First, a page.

Question Mark butterfly

Question Mark butterfly

© Michael Q. Powell. All rights reserved.

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Back and forth I went as I tried to answer a simple question, “Comma or question mark?” You’re probably imagining that I was caught in some kind of punctuation dilemma, but that was not the case. No, I was not stuck in some special hell reserved for grammarians and editors, nor was I sweating out a standardized English test. Instead, I was trying to make a decision on the identity of this unusual looking butterfly that I encountered this past weekend.

Comma or Question Mark?

The colors of this butterfly almost perfectly matched the tree on which he was perched, facing downward in a way that almost perfectly camouflaged him. I rotated the image for the ease of viewers, hoping they will avoid the sore neck that I got as I turned my head trying to make out the details of the butterfly. In addition to the unusual color, the shape of this butterfly was pretty distinctive. What kind was he? As I was pondering that question, the butterfly—who had flown away and returned—opened his wings a little and I got a glimpse of the brilliant orange concealed inside his drab exterior.

A glimpse of orange

As he slowly opened his wings, more of more of the inside of his wings was revealed. The light shining through his wings made the colors glow like those of a back-lit stained glass window.

Back-lit wings

The butterfly flew away again, but amazingly returned once more and treated me to a full view of his open wings—his breathtaking beauty was revealed in full.

Beauty revealed

He sure was beautiful, but I wanted to know his name. Previously I had read about a butterfly called the Eastern Comma butterfly (Polygonia comma) and I had a vague recollection that he looked like this one. Wikipedia’s article on the Eastern Comma also helped explain why he was on a tree rather than some beautiful flower, like most of the butterflies that I have encountered. “This butterfly seldom visits flowers, but rather feeds on sap, rotting fruit, salts and minerals from puddling, and dung.”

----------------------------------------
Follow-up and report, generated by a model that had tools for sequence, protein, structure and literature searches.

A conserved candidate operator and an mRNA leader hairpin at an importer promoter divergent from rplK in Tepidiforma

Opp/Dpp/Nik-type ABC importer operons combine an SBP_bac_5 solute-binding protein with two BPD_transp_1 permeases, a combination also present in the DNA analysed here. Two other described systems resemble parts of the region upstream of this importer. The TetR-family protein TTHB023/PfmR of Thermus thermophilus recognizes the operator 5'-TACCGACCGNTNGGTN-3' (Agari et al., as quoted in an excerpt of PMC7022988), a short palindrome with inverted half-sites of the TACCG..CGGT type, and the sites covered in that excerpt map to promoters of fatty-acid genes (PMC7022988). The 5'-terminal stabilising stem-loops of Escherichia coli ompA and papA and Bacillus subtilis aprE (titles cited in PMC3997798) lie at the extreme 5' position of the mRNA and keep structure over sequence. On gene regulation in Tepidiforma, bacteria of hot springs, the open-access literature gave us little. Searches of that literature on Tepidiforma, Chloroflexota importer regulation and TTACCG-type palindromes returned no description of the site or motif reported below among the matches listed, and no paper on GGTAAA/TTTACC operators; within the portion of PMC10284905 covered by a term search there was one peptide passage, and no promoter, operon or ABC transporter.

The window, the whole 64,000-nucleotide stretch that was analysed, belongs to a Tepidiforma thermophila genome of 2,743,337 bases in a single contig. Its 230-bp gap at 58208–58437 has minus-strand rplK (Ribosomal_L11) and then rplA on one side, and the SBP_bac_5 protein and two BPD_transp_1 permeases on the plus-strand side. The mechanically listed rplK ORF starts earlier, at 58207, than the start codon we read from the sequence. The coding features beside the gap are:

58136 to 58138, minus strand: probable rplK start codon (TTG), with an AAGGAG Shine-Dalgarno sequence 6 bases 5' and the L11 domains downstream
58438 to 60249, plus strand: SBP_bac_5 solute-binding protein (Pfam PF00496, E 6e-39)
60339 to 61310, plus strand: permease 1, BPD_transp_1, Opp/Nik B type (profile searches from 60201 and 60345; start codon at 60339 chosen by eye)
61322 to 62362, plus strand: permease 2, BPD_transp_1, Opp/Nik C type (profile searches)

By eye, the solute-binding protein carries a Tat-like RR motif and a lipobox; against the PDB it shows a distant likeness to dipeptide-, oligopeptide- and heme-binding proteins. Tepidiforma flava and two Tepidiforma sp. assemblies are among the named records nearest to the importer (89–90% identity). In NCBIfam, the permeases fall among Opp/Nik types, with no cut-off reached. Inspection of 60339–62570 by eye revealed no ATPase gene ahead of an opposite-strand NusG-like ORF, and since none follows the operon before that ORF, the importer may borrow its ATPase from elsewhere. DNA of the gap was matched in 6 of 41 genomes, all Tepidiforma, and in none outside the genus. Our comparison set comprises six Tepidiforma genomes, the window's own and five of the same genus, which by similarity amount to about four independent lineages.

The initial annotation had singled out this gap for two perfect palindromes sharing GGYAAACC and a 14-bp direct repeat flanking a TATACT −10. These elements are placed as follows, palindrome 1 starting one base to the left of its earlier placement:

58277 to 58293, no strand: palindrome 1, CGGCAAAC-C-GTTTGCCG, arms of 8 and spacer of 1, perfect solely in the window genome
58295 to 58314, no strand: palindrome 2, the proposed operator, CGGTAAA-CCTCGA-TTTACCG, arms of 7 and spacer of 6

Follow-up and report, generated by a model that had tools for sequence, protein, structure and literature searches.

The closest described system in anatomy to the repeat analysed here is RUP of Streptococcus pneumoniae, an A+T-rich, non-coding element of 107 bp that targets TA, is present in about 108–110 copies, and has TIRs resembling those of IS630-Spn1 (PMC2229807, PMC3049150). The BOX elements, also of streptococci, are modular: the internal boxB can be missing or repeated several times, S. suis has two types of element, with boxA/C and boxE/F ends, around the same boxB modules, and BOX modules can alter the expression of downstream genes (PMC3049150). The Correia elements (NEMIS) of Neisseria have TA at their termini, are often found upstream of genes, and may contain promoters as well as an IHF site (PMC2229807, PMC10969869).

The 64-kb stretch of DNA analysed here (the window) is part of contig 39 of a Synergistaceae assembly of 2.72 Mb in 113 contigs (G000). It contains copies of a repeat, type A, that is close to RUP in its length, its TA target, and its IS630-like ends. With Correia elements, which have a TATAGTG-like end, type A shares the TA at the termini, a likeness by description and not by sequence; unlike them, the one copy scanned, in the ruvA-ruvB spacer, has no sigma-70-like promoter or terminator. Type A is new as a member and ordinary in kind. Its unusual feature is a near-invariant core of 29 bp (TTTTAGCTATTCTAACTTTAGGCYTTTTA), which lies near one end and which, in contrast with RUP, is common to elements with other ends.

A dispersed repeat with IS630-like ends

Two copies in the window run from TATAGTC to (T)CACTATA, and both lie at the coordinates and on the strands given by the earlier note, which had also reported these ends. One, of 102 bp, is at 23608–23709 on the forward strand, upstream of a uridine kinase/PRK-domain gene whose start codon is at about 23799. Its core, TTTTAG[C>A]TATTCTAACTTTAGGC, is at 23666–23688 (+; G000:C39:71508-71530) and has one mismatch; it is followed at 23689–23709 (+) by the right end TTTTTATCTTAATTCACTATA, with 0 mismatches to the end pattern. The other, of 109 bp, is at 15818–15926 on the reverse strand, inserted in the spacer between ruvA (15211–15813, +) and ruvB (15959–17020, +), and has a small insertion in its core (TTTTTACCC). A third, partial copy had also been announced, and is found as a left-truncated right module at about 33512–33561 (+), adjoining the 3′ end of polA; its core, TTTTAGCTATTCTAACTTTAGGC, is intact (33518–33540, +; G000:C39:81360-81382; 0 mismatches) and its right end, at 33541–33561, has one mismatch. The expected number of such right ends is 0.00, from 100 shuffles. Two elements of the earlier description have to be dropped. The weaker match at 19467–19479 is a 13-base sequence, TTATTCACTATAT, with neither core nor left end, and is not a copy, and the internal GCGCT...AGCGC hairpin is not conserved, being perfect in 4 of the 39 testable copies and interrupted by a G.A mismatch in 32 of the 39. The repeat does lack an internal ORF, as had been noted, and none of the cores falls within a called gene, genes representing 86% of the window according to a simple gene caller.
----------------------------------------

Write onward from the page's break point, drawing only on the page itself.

I was still not sure of his identity, so I continued to search for clues. It turns out that there are two butterflies with similar shapes and colors. One is the Eastern Comma and the other is the Question Mark (Polygonia interrogationis), really. I feel like I am in some kind of Abbott and Costello style routine akin to their famous “Who’s on first?” routine. (Here’s a You Tube link to the classic routine if you are not familiar with it. It is definitely worth watching.)

The key to distinguishing the two is the shape of the little white markings on the wings and whether the markings are in two parts or one. If you think back to punctuation, you can probably guess that the one in two parts is the question mark and the unitary one is the comma. The website Gardens With Wings has an article with side by side photos of the two butterflies in case I have confused you.

So, which one did I photograph? I think I saw at least two different butterflies, but the one in the initial two photos and the one below all seem to have the white marking in two parts, which make them Question Mark butterflies (Polygonia interrogationis).

Question Mark butterfly

To be honest, though, the marking looks more like a semicolon than a question mark. Why isn’t there a Semicolon Butterfly?

© Michael Q. Powell. All rights reserved.